Reader Tim Olmstead writes:
As you’ve probably heard, Remington Arms, the oldest gunmaker in the United States, has filed for bankruptcy. It appears they won’t be closing their doors. Most reports indicate they’ll just be able to shed most of their debt. As a result, you’d have to think that selling off or even shuttering some brands will be part of the restructuring.
Aside from the financial restructuring, what about their core products?
Well, if modern history is any guide, they could stand to learn a thing or two from Savage.
Anyone who reads David Petzal’s columns in Field & Stream will have probably heard this one already, but we’ll just go ahead and rehash it for those who haven’t. Back in the 1980s, Savage Arms was facing a crisis. They were foundering, headed for a complete shut-down.
At the time, they had a number of different products but hardly any of them sold worth a darn and quality wasn’t up to their previous standards. By 1988, they were hemorrhaging cash to the tune of almost $25 million per year, according to Field & Stream.
Newly hired CEO Ron Coburn asked if they had any products that were actually worth a darn.
He was told that the 110 bolt action rifle was pretty good so they focused on that. They were determined to make it as accurate as humanly possible and sell it for a competitive price.
A couple decades later, they added the AccuTrigger. And they didn’t have to wait for a lawsuit compelling them to revise the safety features. All these years later, the 110 is still the core of their business. It’s still one of the most accurate off-the-shelf rifles you can buy today for its price point. And that price point is still very reasonable.
Despite dozens of models on Big Green’s roster, Remington’s bread is buttered by a relatively few guns. The 700 and 783 bolt action rifles, the 870 pump and 1100 semi-auto shotguns (though the VersaMax and V3 sell well too) and the odd 7600 for good measure.
After they emerge from bankruptcy protection, they need to go on a diet. Spin off a few brands that aren’t performing (hopefully they let Para be Para again) and focus on their core models. Presto – they’ll have a decent business plan. Re-focusing on quality and customer service, they’ll a core of the half dozen or so guns that work and that the public wants to buy.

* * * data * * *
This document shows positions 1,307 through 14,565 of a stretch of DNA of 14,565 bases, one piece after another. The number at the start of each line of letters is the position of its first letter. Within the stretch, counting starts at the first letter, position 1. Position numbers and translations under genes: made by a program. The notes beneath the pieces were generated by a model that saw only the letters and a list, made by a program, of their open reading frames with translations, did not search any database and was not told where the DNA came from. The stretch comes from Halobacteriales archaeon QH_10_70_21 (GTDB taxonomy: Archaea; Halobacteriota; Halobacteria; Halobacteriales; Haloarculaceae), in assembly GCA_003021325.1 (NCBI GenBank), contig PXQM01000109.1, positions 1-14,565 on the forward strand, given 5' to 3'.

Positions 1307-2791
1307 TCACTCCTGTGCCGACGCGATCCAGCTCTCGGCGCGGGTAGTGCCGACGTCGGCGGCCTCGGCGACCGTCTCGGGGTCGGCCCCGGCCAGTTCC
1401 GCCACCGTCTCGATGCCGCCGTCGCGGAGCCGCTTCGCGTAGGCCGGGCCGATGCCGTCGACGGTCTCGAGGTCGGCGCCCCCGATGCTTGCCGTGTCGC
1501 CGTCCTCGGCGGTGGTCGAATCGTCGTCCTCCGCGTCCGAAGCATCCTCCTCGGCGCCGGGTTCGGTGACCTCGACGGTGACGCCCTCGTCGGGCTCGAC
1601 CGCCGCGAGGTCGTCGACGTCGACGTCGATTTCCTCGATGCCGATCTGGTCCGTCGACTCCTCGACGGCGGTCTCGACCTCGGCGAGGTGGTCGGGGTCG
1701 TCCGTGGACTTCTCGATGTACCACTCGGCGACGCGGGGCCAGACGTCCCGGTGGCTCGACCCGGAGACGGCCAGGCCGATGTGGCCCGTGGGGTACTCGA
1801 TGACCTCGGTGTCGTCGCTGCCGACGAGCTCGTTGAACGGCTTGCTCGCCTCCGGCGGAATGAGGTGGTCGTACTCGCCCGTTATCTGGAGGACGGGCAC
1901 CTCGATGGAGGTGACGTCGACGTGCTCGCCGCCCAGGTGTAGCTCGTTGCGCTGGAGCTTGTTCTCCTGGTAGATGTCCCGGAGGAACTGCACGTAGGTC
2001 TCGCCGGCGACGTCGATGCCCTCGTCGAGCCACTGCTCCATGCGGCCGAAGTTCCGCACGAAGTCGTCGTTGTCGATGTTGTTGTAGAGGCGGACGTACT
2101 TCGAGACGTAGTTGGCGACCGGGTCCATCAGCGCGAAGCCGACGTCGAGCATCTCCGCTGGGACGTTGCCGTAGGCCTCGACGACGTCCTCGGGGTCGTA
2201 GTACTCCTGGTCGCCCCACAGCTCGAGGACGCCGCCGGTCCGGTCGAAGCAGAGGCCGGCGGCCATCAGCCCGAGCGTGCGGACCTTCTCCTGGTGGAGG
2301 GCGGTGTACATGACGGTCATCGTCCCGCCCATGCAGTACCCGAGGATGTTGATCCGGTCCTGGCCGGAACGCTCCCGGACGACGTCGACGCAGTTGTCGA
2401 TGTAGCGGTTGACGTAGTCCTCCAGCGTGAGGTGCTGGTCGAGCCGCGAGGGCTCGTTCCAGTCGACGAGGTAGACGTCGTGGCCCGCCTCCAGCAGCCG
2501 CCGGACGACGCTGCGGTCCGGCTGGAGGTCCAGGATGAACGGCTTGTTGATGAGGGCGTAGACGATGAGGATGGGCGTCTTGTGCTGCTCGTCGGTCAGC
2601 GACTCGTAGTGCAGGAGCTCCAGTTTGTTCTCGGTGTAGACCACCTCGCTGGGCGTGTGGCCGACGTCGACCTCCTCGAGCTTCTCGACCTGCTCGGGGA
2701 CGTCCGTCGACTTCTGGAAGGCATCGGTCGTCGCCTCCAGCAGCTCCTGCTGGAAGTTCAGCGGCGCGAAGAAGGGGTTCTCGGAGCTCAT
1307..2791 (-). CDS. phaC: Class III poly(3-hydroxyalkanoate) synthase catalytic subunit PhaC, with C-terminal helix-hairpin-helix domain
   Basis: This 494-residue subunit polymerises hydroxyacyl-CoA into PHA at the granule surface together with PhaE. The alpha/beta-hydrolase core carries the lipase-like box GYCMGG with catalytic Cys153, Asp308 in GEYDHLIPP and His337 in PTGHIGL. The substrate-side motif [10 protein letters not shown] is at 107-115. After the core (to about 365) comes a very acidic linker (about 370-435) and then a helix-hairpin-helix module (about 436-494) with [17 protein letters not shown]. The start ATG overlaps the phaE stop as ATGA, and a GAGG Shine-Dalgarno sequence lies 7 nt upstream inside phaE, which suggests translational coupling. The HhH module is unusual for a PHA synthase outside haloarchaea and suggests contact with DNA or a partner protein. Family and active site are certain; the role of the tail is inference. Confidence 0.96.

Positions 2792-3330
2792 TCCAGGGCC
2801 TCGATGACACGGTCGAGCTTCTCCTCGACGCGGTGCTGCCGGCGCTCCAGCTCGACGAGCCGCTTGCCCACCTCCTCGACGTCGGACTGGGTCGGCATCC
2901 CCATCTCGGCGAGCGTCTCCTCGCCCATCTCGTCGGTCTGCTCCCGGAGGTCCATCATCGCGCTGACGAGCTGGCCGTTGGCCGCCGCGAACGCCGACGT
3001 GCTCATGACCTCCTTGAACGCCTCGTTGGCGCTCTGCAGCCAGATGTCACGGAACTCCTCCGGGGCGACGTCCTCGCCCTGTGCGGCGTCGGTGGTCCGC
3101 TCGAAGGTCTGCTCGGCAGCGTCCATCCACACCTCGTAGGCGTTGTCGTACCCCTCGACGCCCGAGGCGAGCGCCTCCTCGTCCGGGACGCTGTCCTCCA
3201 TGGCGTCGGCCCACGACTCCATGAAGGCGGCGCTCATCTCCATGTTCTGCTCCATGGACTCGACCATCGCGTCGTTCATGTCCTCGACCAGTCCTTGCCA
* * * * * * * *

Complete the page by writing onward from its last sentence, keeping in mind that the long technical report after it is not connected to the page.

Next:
Except there’s a looming problem on the horizon.
The number of hunters is declining, and has been declining for some time. And while Remington offers a variety of variants on their base models, hunters make up a significant portion of the market for 700s, 870s, 1100s, and 783s and 7600s. Oh, and VersaMaxes and V3’s, too. There are exceptions, of course, but the non-hunting crowd tends to buy more guns that are tactical, not practical. That or they buy competition-specific firearms.
So a newly lean Big Green will have to figure out how to fit in more with today’s gun buyers, those who aren’t hunters. How will they do that when they’re seen as more of a go-to brand for the folks who have reasons to wear camo? They’ve apparently been working on that lately.
And they’ll need to do more to appeal to the modern gun-buying public while keeping their loyal hunter base. Because if they can’t, this might not be the last time we see them file.
Tim lives in the Spokane area. He grew up around guns and the outdoors and spends as much time around both as he can.